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I'm currently developing a penny auction website to test my ability at programming javascript and using AJAX effectively. However, I have come across the problem of security.

Firstly, I have been debating whether authentication should be handled server side or client side but have come to a decision that the PHP could handle this much more easily. For instance, when a user sends a bid via ajax to a php file on the server this will then check if the user is logged in and then then sanitise the data before the bid is entered into the database.

Secondly, Is there any way of encrypting or obscuring data being sent as due to javascript's open nature it seems to pose a considerable threat?

Thanks.

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Didn't feel there was a need for down votes... –  Daniel West Sep 12 '11 at 0:04

2 Answers 2

up vote 2 down vote accepted

Clients to web applications are inherently untrusted, since you have no control over what the user's browser is going to do. Therefore, never rely on the client to perform sensitive operations.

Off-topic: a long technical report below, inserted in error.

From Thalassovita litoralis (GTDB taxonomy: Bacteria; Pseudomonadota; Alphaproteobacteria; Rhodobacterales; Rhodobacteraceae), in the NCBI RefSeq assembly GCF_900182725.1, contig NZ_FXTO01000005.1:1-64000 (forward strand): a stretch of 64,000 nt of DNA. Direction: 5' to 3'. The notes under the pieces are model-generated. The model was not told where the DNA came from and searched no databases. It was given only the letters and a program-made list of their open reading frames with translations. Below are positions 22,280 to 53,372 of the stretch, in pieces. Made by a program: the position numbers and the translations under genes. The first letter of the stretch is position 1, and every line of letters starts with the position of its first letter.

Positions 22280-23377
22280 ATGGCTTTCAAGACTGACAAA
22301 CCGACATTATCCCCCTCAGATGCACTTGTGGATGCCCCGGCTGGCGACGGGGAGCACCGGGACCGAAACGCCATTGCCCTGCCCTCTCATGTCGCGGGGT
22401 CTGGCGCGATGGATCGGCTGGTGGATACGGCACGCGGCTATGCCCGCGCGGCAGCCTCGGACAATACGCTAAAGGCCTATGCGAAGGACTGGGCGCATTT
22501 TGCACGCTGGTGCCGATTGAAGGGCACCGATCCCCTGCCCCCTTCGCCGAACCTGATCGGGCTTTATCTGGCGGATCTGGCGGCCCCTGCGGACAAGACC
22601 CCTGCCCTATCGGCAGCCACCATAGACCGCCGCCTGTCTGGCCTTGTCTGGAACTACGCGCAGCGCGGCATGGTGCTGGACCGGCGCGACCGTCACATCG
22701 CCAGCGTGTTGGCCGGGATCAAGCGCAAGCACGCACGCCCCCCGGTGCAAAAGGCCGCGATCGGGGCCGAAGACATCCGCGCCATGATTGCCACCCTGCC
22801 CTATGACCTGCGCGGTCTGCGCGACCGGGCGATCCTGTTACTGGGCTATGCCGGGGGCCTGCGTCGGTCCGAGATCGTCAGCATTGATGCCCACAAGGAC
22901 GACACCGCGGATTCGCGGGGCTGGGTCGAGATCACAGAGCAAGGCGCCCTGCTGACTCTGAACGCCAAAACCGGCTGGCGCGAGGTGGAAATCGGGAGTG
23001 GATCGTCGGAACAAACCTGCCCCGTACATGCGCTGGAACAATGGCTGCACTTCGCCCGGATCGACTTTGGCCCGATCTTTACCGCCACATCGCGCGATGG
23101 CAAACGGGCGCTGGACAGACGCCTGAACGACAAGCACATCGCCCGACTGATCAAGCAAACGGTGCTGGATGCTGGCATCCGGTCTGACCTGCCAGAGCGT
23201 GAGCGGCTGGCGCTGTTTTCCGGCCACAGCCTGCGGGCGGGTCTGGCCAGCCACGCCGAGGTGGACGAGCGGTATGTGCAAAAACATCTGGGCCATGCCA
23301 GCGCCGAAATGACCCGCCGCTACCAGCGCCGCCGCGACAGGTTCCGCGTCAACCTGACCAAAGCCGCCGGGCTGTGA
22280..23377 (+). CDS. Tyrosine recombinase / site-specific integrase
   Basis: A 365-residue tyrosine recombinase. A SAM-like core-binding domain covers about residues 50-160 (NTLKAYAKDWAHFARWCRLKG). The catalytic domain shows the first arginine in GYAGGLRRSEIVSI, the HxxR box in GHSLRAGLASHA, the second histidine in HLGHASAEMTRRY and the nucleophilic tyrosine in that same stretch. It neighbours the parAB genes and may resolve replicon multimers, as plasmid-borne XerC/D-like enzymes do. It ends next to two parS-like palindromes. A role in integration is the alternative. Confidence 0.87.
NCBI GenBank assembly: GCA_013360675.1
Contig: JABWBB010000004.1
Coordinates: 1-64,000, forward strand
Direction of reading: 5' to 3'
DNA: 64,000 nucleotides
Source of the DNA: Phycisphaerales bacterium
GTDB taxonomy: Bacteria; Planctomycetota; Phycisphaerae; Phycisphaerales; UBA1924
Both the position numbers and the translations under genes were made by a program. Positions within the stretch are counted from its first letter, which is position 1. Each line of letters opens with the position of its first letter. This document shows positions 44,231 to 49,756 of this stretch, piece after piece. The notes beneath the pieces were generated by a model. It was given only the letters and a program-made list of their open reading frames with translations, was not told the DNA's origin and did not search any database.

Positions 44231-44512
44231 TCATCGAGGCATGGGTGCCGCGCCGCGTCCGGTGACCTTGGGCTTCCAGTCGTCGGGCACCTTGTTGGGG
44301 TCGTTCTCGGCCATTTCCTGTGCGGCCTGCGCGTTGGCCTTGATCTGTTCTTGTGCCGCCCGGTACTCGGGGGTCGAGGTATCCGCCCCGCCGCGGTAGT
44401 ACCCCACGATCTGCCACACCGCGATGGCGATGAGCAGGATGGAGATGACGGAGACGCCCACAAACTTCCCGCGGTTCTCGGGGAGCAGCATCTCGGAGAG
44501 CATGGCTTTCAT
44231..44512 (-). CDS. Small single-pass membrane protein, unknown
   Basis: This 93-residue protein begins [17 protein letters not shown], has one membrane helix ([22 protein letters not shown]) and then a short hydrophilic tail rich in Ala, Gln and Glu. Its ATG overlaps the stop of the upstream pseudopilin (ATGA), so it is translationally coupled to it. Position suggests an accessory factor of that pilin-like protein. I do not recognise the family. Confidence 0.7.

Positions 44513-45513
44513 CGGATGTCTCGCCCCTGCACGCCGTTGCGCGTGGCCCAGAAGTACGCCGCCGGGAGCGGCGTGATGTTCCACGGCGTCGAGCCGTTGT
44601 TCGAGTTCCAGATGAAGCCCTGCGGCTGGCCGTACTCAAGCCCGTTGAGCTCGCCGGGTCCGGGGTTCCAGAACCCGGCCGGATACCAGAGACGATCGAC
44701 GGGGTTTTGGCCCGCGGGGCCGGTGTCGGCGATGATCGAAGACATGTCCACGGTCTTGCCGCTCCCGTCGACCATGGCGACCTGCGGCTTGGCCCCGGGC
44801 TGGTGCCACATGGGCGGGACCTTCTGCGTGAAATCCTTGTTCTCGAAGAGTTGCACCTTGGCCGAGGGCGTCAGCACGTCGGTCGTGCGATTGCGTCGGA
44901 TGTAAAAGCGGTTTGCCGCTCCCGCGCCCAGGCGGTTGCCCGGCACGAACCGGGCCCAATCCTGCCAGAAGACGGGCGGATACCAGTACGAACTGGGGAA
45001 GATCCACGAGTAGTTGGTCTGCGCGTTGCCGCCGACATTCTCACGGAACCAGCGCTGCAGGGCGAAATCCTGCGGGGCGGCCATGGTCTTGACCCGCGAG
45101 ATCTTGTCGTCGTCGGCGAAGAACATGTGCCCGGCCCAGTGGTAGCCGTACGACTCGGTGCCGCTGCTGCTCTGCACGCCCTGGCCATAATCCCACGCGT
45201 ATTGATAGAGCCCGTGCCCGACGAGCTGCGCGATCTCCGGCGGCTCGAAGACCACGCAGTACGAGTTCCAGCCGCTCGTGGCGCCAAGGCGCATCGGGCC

To answer your specific questions, definitely perform all the authentication and authorization checks on the server side. SSL/TLS encryption will protect data in transit between the client and server, but the data will unavoidably be unencrypted once it reaches the client, so you can't use encryption to somehow hide or protect data from the client and still expect the client to be able to do anything with it.

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Thanks, I was afraid that this may happen. It's not such a big deal anyway, I can deal with any serious issues server side. SSL is definitely an option though –  Daniel West Sep 12 '11 at 0:05

Security through obscurity is no security at all, as always. If the information you're keeping in JavaScript is so sensitive that it can't be seen and is a risk because of "JavaScript's open nature", it should not be in JavaScript.

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No need to be so sarcastic, I overestimated JavaScript's usefulness. –  Daniel West Sep 12 '11 at 0:07
2  
@Daniel West: There was no sarcasm in that post whatsoever. Security through obscurity is never security. –  minitech Sep 12 '11 at 15:30
    
Fair point, I was looking at the problem from the wrong angle –  Daniel West Sep 30 '11 at 14:59

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